Get to the PointGet to the Point https://c-suitenetwork.com/wp-content/uploads/2015/03/18943134_a27e949642_z.jpg 640 479 C-Suite Network https://c-suitenetwork.com/wp-content/uploads/2015/03/18943134_a27e949642_z.jpg
by Lewis Denbaum
I am going to practice what I preach and get right to the point. If you are short on time, just read the bold print below.
- People have short attention spans — make your point succinctly.
Use three or four sentences to make your point. Hit ‘em over the head with your point.
- People forget what you said — tell a story or use an example that reinforces your point.
An interesting or humorous story that makes a point is more likely to be remembered than a bland group of sentences. You can have fun making a serious point.
- People make their own interpretations, therefore, ask for what you want unambiguously.
If you say to someone, “I want you to …” they will clearly know what you want. You may not get it, but you’ll have a better chance if people clearly understanding what you’ve requested.
Pete Burdon wrote a helpful article on key messages in business communications. He states:
Whether you are presenting to a prospective client, a large crowd or through a media interview, it’s vital you know what key points you want to get across. It’s even more important to know how to get them across so they are remembered and acted on. The mere act of talking to someone is not communication. It only becomes communication when it is understood and remembered.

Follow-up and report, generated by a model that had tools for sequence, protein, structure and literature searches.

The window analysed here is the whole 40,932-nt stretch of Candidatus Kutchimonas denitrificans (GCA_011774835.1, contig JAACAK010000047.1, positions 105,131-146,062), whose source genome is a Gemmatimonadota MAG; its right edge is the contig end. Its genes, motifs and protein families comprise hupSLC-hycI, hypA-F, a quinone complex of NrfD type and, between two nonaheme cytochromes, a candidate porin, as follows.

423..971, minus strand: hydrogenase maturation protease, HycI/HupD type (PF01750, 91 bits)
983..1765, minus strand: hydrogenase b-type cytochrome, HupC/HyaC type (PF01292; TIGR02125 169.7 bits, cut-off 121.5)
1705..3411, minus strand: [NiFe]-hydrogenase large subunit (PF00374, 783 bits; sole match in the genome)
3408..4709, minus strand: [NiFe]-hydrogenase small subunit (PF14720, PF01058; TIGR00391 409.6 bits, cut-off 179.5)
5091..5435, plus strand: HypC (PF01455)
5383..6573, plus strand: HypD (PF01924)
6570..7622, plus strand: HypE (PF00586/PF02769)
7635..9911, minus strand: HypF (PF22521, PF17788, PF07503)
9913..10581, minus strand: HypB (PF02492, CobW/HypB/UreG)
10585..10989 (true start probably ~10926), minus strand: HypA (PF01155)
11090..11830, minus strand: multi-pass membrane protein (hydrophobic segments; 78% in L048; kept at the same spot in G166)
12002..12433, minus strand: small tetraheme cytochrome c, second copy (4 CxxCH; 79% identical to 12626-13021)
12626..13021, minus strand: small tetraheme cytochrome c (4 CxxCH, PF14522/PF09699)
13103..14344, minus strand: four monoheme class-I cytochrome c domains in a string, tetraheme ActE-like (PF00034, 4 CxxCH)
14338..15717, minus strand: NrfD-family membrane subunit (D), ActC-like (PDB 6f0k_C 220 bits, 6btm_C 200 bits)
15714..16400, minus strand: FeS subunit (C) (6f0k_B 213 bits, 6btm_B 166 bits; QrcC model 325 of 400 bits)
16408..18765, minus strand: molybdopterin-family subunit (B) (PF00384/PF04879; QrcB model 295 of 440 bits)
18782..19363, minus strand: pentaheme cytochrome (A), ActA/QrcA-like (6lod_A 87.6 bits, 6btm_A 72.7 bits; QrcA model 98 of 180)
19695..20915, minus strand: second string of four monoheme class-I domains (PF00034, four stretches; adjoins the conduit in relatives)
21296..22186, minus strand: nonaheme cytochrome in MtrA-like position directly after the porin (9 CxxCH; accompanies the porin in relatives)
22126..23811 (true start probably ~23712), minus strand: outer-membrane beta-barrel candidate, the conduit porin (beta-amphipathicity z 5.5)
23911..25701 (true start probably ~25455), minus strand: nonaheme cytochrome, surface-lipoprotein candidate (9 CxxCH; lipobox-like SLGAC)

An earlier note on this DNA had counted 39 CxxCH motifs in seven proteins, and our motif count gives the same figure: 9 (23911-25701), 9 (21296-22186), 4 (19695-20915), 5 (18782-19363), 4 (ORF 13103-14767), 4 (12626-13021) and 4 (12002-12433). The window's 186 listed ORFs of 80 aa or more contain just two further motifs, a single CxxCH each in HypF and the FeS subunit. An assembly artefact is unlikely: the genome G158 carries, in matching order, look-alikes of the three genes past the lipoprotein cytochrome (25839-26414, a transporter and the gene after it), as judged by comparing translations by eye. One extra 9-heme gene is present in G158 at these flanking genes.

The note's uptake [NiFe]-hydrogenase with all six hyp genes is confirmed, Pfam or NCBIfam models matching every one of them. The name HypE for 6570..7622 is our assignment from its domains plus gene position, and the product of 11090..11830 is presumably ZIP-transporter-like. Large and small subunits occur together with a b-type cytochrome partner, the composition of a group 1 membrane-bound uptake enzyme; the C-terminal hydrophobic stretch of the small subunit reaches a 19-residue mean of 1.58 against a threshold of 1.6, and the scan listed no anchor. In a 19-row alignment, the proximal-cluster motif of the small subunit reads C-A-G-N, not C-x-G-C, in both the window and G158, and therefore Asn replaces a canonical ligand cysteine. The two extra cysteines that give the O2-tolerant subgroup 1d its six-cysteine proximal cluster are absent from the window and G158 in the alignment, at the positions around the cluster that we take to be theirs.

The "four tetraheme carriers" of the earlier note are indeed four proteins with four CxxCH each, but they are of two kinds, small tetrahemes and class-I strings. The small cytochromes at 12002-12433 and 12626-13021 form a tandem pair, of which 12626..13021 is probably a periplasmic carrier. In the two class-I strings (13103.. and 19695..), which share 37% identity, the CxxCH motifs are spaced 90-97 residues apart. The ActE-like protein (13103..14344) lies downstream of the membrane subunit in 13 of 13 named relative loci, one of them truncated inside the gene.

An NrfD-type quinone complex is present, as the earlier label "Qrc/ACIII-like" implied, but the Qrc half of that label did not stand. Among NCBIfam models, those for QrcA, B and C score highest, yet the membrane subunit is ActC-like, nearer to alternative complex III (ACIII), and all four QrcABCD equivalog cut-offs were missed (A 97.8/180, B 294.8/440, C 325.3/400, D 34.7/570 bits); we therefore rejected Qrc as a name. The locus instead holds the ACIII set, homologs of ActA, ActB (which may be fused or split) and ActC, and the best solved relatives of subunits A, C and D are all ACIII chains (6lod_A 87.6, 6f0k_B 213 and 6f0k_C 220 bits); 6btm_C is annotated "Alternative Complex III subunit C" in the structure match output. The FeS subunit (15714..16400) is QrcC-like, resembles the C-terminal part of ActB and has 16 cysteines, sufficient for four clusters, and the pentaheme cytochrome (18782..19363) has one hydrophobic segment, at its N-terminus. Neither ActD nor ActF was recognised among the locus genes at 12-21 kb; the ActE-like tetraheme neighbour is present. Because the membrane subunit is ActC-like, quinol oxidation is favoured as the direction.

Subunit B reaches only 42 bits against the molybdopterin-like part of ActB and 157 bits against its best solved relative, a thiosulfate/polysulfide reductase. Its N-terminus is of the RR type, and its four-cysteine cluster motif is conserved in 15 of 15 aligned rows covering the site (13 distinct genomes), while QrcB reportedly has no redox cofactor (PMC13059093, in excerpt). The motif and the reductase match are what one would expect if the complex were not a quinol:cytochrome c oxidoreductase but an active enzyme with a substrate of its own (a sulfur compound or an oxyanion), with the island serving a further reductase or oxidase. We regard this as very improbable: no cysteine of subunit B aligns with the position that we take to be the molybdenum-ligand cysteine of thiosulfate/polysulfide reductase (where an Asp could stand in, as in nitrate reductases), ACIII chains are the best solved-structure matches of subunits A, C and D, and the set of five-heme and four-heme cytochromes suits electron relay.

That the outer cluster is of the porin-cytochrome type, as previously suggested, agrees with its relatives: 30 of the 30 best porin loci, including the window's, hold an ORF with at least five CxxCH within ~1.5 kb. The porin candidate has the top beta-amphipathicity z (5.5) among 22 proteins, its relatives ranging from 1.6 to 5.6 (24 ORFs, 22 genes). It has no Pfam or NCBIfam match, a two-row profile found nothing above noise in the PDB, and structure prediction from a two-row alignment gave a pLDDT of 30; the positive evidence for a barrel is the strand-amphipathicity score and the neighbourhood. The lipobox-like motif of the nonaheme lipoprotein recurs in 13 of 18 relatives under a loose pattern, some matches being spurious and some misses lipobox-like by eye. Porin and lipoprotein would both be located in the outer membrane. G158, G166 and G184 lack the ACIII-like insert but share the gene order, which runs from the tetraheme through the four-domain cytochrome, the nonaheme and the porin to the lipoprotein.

People only remember a few points from presentations. Think about the last one you went to. What can you remember? That’s why you need to nail down the two or three points you really want that audience to take in. You then use stories and examples to back up your points and make them interesting and memorable.
In media interviews, a reporter will only use two or three points in his or her story. So by focusing on your three-point message, you increase the likelihood that your points make it into the subsequent story. You use sound bites to do that.
*This post originally appeared on LewisDenbaum.com.
Lewis Denbaum is the CEO, Chief Communication Consultant, Executive and Life Coach at Lewis Denbaum and Associates. He knows from firsthand experience that top-notch communicationskills are key to productivity, team building, employee satisfaction and company growth. He has developed and honed a range of effective communication techniques during his diverse career, spanning law and accounting, senior-level management, teaching and relationship coaching, that are applicable in any business environment. Connect with Lewis on LinkedIn, Google+ and Twitter @LewisDenbaum.